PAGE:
Lighthouse Assembly of God

Lighthouse Assembly of God

Lighthouse Assembly of God was established in 1954 then known as "Havelock Assembly of God" by Irwin Robert Jensen and his wife Glenrose Marie Land Jensen.

Irwin and Glenrose were married on May 27th, 1941. Shortly thereafter, the U.S. Navy sent Irwin to Pearl Harbor to assist in the clean up after the Japanese attack on December 7th, 1941. It was while he was there in Pearl Harbor, Hawaii that Irwin had an experience, which would change the direction of his life forever. He met Jesus. After Irwin's discharge from the Navy in 1945, he and Glenrose moved to Harvey, Illinois. There they attended a local Assemblies of God Church. During their time in Harvey, both Irwin and Glenrose felt a call to the mission field. They went to the Central Bible Institute. Upon graduation Irwin and Glenrose embarked on a mission work along the coast of North Carolina. In 1954 the Jensen's came to Havelock to establish a church. During the next 36 years they raised three lovely daughters and poured their lives into ministry to the people of Cherry Point and Havelock, North Carolina. The ministry they established touched the lives of thousands who passed through the doors of Havelock Assembly. Irwin was called home to be with our Lord January 29th, 1990; Glenrose Marie Land Jensen, was welcomed into the arms of her Savior on June 15, 2006. Their dedication to Christ and the church will live on.

Just prior to Pastor Jensen's homecoming the mantle was passed to a young minister and his wife, "Reverend William Dale McGinty and Ina Mae Willeford McGinty" who both came to Jesus at this local fellowship in the mid 1970s during a tour at Cherry Point as a Marine air traffic controller. The church he would one day lead was then known as Havelock Assembly of God. He felt the call to the ministry, went on to South Eastern Bible College and eventually traveled between East Texas and North Carolina before he was called back here late 1989. In an effort to bring a since of newness and vitality to this local fellowship Pastor Bill and Ina changed the name to "Lighthouse Assembly of God" in the mid 1990's. Pastor Bill went to be with the Lord February 21st, 2005 during his years as pastor of this local fellowship, he earned a reputation as a hard worker, both in the spiritual and physical sense.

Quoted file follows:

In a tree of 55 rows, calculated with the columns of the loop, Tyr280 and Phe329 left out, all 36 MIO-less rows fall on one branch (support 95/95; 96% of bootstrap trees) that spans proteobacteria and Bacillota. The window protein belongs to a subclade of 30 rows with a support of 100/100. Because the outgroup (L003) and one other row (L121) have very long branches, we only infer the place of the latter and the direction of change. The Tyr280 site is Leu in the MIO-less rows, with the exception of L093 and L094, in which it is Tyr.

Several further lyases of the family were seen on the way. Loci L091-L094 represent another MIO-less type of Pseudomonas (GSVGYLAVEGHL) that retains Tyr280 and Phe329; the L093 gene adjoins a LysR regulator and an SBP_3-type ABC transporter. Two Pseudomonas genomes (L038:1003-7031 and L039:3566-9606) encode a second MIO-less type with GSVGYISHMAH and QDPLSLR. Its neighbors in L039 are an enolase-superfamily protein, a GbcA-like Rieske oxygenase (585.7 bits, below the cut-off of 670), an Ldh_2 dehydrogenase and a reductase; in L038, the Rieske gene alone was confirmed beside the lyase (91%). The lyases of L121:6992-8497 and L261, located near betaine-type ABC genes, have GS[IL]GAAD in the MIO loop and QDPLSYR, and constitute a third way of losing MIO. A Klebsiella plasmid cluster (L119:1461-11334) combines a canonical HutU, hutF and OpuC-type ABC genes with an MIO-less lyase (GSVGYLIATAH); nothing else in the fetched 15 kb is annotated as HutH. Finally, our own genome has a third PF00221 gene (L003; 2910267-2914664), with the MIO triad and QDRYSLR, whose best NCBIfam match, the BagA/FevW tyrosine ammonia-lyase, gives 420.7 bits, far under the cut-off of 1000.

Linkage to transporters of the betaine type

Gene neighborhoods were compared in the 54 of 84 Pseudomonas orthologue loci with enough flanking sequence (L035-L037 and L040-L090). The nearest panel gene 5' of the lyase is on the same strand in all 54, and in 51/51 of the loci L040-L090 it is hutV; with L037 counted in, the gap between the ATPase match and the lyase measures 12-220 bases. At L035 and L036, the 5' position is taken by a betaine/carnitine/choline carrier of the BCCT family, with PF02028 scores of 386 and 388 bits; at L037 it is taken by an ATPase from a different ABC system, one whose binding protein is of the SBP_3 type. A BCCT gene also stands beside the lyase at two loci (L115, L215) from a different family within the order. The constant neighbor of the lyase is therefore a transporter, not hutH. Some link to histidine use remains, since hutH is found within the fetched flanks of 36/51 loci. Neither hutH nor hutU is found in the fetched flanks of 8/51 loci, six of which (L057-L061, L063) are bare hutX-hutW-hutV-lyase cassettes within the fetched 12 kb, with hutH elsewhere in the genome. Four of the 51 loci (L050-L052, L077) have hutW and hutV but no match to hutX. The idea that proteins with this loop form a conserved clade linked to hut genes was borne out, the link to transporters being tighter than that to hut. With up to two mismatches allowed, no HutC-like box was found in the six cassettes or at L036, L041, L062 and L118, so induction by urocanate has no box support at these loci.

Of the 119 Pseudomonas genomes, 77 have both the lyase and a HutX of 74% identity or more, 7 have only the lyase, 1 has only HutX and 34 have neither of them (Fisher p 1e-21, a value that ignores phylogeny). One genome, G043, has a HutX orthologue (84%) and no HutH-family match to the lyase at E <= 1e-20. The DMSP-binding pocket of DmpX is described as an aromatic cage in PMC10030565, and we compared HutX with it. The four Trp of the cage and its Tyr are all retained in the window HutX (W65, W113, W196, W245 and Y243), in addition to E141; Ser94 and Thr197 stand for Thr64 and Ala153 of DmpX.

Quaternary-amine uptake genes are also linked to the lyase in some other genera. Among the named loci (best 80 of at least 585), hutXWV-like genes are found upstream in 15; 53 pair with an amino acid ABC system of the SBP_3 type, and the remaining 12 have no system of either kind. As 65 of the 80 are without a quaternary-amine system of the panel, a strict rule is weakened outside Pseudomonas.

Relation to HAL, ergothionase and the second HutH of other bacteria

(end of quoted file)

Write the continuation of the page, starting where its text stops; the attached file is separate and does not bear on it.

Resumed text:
Like a modern day Elijah and Elisha the mantle was passed on to "Reverend Kenneth and Faye McCoy". Faye and I have been a part of this fellowship since January 1990 when we were stationed aboard Cherry Point. We were fortunate to get government quarters upon our arrival at the base and when it came choosing a local fellowship to attend it was easy since Lighthouse was right outside of the gate. When we arrived at our first service we felt this was the place the Lord wanted us to be. Lighthouse is one of those places where you can experience God's presence. After a few months I deployed along with most of the men of the church to the Persian Gulf for Desert Storm during that time I began my ministry studies through Berean College and Global University, of the Assemblies of God. We received orders to Parris Island for a tour of duty from 1992 - 1994. Upon our return to Lighthouse in 1994 we fit right in as if we never left.  Becoming credentialed with the Assemblies of God in 1998 Faye and I felt our place was to remain at Lighthouse and support the mission at hand little did we know this would be the place we would receive our first appointment to pastor. It's with great humility and awe that we co-labor in this local assembly. Lighthouse is a church where the lost are being saved, believers are being baptized in the Holy Spirit, missions and evangelism are priorities, and discipleship and worship are our way of life.


The Assemblies of God grew out of the Pentecostal revival, which began in the early 1900s in places such as Topeka, Kansas, and the Azusa Street Mission in Los Angeles. During times of prayer and Bible study, believers received spiritual experiences like those described in the book of Acts. Accompanied by “speaking in tongues,” their religious experiences were associated with the coming of the Holy Spirit on the Jewish feast of Pentecost (Acts 2), and participants in the movement were dubbed “Pentecostals.” The Pentecostal movement has grown from a handful of Bible school students in Topeka, Kansas, to an estimated 600 million in the world today.

Many participants who were baptized in the Holy Spirit during revivals and camp meetings in the early 1900s were not welcomed back to their former churches. These believers started many small churches throughout the country and communicated through publications that reported on the revivals. In 1913, a Pentecostal publication, the Word and Witness, called for the independent churches to band together for the purpose of fellowship and doctrinal unity. Other concerns for facilitating missionaries, chartering churches and forming a Bible training school were also on the agenda.  

Some 300 Pentecostals met at an opera house in Hot Springs, Arkansas, in 1914, and agreed to form a new fellowship of loosely knit independent churches. These churches were left with the needed autonomy to develop and govern their own local ministries, yet they were united in their message and efforts to reach the world for Christ. So began the General Council of the Assemblies of God.  

Assemblies of God churches form a cooperative fellowship. As a result, the organization operates from the grass roots, allowing the local church to choose and develop ministries and facilities best suited for its local needs.